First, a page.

Watford Borough Council has unveiled its plan to increase the town’s tree canopy cover from 18% to 20% over the next ten years after an ambitious Tree and Woodland Strategy was agreed at Cabinet earlier this month.
Large numbers of trees will be planted in green spaces and woods across the town while Watford’s older tree population will continue to be maintained and conserved for future generations.
The council currently manages thousands of trees across 506 hectares of public open space including the woodlands of Whippendell Wood, Harebreaks Wood, Albans Wood and woodland areas in Oxhey Park, and Orchard Park. Whippendell Wood accounts for a large percentage of the current canopy but there are opportunities to increase this cover in other parts of the town, including parks and playing fields.
Watford also has a street tree population of 5230 trees which will be boosted with more planting. These trees are an integral part of the urban landscape – they are valued by residents for contributing to a greener environment, for the pleasing aesthetics they create and for the health and wellbeing qualities they impart.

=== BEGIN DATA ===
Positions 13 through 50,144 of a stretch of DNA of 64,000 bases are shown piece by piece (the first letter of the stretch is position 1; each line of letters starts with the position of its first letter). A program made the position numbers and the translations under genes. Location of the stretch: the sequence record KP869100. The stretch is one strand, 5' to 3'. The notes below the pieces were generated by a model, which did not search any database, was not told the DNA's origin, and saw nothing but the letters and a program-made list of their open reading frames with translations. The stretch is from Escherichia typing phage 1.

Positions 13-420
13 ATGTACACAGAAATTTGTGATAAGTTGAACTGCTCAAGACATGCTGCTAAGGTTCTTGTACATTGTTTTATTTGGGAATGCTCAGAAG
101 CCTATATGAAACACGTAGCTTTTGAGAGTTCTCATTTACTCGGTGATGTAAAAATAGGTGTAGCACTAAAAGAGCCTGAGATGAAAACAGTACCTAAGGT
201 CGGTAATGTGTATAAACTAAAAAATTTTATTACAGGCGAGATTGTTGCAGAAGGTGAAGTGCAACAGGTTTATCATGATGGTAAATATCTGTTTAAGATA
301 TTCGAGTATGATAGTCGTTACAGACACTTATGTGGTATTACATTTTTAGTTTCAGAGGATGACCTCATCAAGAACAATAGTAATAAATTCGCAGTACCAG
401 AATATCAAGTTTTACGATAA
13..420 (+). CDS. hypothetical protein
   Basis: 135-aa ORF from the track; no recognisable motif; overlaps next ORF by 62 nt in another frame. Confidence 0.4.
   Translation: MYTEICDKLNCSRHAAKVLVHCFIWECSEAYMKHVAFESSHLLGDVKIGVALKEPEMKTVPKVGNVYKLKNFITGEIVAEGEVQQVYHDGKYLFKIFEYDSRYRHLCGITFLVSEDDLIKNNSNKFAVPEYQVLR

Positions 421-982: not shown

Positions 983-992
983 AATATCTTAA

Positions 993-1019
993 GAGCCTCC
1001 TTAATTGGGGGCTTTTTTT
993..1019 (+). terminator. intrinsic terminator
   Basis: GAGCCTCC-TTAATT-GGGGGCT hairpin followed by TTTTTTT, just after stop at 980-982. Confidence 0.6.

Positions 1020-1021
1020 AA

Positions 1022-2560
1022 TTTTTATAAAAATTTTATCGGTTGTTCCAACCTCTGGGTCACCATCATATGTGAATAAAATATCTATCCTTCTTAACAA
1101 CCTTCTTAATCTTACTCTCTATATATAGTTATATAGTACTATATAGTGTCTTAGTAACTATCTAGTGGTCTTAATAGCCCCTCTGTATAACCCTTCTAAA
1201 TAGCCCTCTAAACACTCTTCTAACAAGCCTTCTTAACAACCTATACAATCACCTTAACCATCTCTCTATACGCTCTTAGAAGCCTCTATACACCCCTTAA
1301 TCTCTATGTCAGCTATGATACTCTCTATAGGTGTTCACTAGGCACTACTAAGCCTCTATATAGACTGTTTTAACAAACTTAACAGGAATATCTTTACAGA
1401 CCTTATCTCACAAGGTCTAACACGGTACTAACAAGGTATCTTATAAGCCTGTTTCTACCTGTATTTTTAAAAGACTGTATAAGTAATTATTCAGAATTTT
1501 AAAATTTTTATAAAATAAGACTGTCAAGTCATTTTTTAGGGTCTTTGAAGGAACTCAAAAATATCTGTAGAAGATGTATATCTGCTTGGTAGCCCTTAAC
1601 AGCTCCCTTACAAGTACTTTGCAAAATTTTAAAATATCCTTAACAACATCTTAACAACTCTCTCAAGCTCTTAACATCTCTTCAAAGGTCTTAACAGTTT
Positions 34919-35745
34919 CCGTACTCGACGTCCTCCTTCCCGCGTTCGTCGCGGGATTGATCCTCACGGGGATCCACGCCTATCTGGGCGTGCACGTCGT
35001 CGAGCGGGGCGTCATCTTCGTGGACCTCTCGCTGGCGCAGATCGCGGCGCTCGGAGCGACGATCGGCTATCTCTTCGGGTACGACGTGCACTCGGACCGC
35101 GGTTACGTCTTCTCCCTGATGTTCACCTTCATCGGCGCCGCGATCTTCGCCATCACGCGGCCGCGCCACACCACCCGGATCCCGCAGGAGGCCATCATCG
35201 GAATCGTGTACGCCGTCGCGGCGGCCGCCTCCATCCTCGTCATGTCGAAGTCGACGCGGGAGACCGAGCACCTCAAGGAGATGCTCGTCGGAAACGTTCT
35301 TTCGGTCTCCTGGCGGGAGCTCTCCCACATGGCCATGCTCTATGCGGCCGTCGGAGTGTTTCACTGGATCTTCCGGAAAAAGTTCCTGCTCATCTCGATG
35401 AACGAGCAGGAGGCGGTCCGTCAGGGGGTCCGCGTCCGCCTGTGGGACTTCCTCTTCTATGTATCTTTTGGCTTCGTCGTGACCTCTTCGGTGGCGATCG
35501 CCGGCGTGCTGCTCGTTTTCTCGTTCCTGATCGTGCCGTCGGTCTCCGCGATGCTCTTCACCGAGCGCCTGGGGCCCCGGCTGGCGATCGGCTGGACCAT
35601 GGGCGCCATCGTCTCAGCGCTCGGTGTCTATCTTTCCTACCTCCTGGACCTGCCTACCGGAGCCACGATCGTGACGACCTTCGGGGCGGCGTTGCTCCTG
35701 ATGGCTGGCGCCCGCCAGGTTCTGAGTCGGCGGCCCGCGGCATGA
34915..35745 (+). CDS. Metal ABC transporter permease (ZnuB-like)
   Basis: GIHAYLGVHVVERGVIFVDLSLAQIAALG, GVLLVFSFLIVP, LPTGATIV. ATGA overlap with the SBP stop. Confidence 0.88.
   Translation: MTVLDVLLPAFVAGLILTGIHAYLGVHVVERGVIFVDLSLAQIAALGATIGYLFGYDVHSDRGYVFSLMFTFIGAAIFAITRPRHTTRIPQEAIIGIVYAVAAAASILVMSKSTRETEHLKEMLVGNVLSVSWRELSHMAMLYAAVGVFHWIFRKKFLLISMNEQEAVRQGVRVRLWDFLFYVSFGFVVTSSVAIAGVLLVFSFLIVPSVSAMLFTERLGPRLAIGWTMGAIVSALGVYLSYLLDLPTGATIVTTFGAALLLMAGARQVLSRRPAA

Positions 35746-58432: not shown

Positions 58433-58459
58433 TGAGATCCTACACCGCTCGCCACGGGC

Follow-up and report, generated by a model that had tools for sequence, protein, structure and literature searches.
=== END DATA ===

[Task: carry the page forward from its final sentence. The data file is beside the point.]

Elected Mayor of Watford Peter Taylor said, “I’m delighted that we’ve agreed to plant lots more trees in our town. Trees provide massive benefits for our environment and help make our air cleaner. The new trees won’t just be in our award winning parks, woodlands and open spaces but also on local streets. We are working hard with local community groups, businesses and Veolia to make our parks and green spaces even better. I am determined to make Watford a greener place to live and work.’
As well as playing a critical role in mitigating climate change, Watford’s 11,000 trees also improve air quality by absorbing pollutants such as ozone, nitrogen oxide, sulphur dioxide and carbon monoxide, and they help to regulate temperature by absorbing radiation. They help to alleviate flooding and they provide a valuable habitat for wildlife.
For more information about Watford’s local green spaces, please visit www.watford.gov.uk/parks.